– Bring to the meeting:

A doctor’s letter

A statement from a doctor or counselor diagnosing you with PNES or, Lord help us all, “pseudoseizures.” You can explain that the old term is outdated, but this note is a safeguard against the, “you’re faking” argument.

– This note should not, under any circumstances, have information regarding how and why you developed PNES.


A brief description of PNES

Assume that no one will have heard of PNES and that they will have a lot of questions. Consider bringing a copy of “Psychogenic Non-Epileptic Seizures: A Guide” by Dr. Lorna Myers, and printing off some of the “FAQ” pages from nonepilepticseizures.org.

I recommend: “Epileptic attacks and non-epileptic attacks, what’s the difference?” and “Can psychogenic non-epileptic seizures cause brain damage or be fatal?”

          – Safety Plan

Concern for both your safety and their liability are likely to be paramount. Before you can even get to the accommodation stage, you may need to reassure concerned parties that you are not a detriment to your own safety. Ensure that the safety plan is agreeable to you by bringing a host of ideas to the table.

– Plans could include:

          – A pre-arranged, safe place for you to go during a seizure

                   – Ex. Empty conference room, the nurse’s office

          – An explanation of how you will protect yourself during an event

– Ex. “I will use the elevator, not the stairs, to get to the first floor conference room, and put my jacket under my head to protect it.”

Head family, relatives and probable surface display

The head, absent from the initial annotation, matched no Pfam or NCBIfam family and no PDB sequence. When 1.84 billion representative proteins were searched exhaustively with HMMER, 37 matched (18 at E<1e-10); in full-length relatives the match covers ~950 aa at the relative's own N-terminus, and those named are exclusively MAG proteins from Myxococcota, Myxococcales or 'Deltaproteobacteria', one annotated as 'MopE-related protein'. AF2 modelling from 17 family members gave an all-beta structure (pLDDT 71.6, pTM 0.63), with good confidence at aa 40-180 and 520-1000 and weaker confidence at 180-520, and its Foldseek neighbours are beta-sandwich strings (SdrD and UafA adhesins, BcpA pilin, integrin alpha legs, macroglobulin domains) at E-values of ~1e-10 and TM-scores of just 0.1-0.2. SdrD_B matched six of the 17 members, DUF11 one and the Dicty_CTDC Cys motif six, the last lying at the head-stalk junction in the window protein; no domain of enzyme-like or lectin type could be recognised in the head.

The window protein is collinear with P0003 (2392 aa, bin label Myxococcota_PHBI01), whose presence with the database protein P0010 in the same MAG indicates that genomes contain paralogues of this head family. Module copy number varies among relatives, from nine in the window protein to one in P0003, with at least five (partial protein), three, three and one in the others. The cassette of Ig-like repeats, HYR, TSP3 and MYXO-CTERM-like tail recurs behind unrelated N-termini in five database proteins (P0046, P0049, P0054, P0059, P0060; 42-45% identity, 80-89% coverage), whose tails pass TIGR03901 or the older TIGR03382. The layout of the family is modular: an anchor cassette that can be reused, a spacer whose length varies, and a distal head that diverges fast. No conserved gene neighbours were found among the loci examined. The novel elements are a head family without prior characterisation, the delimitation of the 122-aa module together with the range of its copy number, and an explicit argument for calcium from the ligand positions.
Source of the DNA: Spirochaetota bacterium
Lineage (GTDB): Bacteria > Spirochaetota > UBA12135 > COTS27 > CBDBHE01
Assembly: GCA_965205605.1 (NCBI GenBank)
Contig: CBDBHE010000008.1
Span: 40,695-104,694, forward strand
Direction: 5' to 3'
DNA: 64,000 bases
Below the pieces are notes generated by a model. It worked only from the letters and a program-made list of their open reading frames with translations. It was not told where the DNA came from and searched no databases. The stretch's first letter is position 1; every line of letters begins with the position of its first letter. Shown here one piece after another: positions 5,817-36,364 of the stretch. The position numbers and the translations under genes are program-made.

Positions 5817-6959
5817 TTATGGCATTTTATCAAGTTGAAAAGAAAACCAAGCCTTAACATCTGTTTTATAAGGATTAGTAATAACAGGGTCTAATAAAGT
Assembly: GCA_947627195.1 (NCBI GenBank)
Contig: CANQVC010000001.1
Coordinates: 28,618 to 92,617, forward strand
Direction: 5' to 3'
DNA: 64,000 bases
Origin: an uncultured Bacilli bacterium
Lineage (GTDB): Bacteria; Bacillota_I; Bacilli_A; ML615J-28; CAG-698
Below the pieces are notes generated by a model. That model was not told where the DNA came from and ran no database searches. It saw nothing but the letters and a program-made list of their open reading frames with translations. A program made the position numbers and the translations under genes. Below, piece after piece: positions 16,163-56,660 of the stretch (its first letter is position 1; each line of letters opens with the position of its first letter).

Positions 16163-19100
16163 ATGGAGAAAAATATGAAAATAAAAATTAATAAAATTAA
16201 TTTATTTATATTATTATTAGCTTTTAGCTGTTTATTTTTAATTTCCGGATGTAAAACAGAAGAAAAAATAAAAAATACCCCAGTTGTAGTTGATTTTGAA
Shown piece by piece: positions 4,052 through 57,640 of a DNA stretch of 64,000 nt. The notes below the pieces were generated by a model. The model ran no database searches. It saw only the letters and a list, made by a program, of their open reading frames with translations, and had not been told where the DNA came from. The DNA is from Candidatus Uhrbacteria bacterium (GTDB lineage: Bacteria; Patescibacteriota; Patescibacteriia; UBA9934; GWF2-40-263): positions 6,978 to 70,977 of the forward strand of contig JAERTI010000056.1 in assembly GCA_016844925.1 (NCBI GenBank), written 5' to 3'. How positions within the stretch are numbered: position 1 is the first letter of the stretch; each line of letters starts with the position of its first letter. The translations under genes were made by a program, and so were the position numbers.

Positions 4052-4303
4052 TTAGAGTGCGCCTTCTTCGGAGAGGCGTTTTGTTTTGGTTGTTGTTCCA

– A medical alert card/bracelet

– Ex. “I am comfortable leaving the lecture hall alone, because my medical alert bracelet is clearly visible to anyone who passes by.”

– Having a designated individual in each class to escort you out of the room, as needed

– Ex. “If I need to leave for a seizure, Jamie will escort me to the nurse’s office and then return to class.”

– Calling a pre-determined emergency contact during an event, in lieu of an EMT

– Ex. “Call my mom/dad/spouse/roommate at “x” number if you have any concerns.

          – Academic Plan

Once you have assured that safety is taken care of, continue to be proactive by suggesting accommodations you feel would be most beneficial for you.

– Examples of accommodations could include:

                    – A note taker

                    – A reduced distraction testing room

                    – Extended time on tests

                    – Ability to leave the classroom, as needed

                    – Adjusted attendance policy